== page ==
XEG: Up 100% in the Last Year, Is This Energy ETF Still a Buy?

The XEG ETF has gained momentum in the last year but has underperformed the market over the long term.

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The energy sector has been on an absolute tear since March 2020. In the last 22 months, Canada’s energy ETF, called iShares S&P/TSX Capped Energy ETF (TSX:XEG), is up 317%, easily crushing broader market returns. However, despite these stellar gains, the energy sector has grossly underperformed most other sector indices over the past decade.

But investing in energy companies might still create value, given the expanding global population and a globalized economy, which will drive demand for fossil fuels going forward. Alternatively, the energy sector is cyclical, which increases investment risk during periods of recessions.

In the first half of 2020, the COVID-19 pandemic drastically reduced demand, resulting in an oversupply of crude oil and natural gas. Several oil producers had to cut or entirely suspend dividend payments to combat rising losses and negative cash flows. As economies reopened, the demand for oil gained momentum, which also drove prices to multi-year highs.

The price of oil is the biggest factor that should impact your investment decision. When oil prices rise, companies have the opportunity to benefit from a widening bottom line. An inflationary environment allows energy companies to generate substantial cash flows and support dividend increases. Similarly, falling oil prices will negatively impact the stock prices of energy companies.

The costs of oil exploration, refining, transportation, and storage is fixed. So, if these costs amount to, say, $40/barrel for a company and oil prices are closer to $75/barrel, the oil producer can generate $35/barrel in profits. Similarly, if oil prices fall to $50, the profits per barrel would range at $10.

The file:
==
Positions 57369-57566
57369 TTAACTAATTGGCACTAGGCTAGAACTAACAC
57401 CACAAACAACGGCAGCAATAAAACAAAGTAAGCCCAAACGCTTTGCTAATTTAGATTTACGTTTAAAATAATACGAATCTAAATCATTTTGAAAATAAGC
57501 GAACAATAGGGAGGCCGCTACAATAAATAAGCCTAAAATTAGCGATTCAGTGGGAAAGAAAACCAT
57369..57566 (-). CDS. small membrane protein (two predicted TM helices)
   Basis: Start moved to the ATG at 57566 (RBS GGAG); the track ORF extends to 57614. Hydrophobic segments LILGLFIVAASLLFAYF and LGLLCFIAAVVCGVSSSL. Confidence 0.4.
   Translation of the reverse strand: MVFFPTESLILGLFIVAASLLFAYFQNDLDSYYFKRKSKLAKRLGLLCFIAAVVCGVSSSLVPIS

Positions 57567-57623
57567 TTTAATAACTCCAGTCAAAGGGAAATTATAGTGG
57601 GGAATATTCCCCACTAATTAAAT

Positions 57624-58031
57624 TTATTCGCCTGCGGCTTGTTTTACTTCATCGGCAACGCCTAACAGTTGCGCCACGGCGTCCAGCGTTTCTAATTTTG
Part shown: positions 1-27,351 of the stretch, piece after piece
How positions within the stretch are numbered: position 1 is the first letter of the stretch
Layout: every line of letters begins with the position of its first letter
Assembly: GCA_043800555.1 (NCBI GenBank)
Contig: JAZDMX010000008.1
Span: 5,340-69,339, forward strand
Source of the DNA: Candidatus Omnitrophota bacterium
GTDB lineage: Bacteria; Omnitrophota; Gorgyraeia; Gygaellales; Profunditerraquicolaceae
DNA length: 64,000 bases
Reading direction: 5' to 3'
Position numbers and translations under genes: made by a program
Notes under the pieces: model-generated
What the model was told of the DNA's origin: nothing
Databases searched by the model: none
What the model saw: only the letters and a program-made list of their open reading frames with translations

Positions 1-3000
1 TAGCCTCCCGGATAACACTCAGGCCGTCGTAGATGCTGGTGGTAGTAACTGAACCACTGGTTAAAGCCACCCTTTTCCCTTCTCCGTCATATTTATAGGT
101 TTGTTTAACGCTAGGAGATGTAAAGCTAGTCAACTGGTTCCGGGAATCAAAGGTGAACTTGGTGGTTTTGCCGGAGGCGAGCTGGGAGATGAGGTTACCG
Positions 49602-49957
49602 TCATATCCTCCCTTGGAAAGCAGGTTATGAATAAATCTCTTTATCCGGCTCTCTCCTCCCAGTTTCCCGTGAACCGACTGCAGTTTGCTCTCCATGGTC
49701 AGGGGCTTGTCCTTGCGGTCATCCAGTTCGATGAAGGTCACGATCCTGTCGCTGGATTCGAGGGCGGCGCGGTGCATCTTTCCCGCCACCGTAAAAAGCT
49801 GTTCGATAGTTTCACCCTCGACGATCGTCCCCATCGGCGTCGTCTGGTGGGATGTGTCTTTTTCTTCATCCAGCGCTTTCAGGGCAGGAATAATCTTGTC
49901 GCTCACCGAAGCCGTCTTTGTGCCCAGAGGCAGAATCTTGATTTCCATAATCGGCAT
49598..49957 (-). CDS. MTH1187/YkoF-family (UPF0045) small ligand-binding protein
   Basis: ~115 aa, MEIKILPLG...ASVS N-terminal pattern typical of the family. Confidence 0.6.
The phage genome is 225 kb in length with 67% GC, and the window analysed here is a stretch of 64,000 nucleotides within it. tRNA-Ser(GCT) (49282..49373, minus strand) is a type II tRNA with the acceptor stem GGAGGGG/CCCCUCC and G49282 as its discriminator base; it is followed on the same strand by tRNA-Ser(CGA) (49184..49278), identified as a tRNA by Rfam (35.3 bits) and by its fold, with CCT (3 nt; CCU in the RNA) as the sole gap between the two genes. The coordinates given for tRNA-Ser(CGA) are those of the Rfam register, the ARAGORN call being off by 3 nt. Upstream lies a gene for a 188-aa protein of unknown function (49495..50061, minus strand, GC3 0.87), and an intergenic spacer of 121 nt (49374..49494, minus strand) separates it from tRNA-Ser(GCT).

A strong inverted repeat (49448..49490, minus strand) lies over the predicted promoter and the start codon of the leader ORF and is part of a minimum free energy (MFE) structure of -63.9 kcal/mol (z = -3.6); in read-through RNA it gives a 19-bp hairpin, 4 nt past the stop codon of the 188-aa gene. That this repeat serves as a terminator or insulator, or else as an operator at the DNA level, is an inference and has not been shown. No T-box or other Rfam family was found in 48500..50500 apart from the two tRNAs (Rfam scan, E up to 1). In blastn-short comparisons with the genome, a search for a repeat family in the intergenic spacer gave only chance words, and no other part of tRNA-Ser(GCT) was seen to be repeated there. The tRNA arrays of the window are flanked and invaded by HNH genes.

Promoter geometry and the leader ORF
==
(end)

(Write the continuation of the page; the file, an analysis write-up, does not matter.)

The XEG ETF provides you access to several companies

The energy sector consists of multiple subsectors. For example, upstream companies explore and produce oil while midstream companies transport, refine, and store commodities. Downstream companies refine crude oil into products, such as petrochemicals, and sell the refined product to customers.

Alternatively, you can also look to invest in ETFs such as the XEG to gain exposure to the energy sector. An ETF is ideal for investors who aim for diversification at a low cost. Generally, ETFs hold a basket of stocks, making it easier for people without expertise to invest in the equity market.

The XEG ETF provides you targeted exposure to companies in Canada’s energy sector. It has over $1.6 billion in assets under management and gives investors exposure to 22 stocks. It also offers investors a forward yield of 1.9%, making the ETF attractive to income seekers.

The top holdings of XEG include Canadian Natural Resources, Suncor, Cenovus Energy, Tourmaline Oil, and Imperial Oil; they account for 73% of the ETF.

The Foolish takeaway

It’s extremely essential for investors to understand the volatility that impacts the oil sector. So, it makes sense to focus on companies that have a robust business model, allowing them to derive cash flows across economic cycles.

While I am a huge fan of ETF investing, I don’t believe the XEG can consistently outpace ETFs that track the S&P 500 or even the tech sector south of the border. Further, its expense ratio is over 1%, making it quite expensive at current prices.

This article represents the opinion of the writer, who may disagree with the “official” recommendation position of a Motley Fool premium service or advisor. We’re Motley! Questioning an investing thesis — even one of our own — helps us all think critically about investing and make decisions that help us become smarter, happier, and richer, so we sometimes publish articles that may not be in line with recommendations, rankings or other content.

Fool contributor Aditya Raghunath has no position in any of the stocks mentioned. The Motley Fool recommends CDN NATURAL RES.

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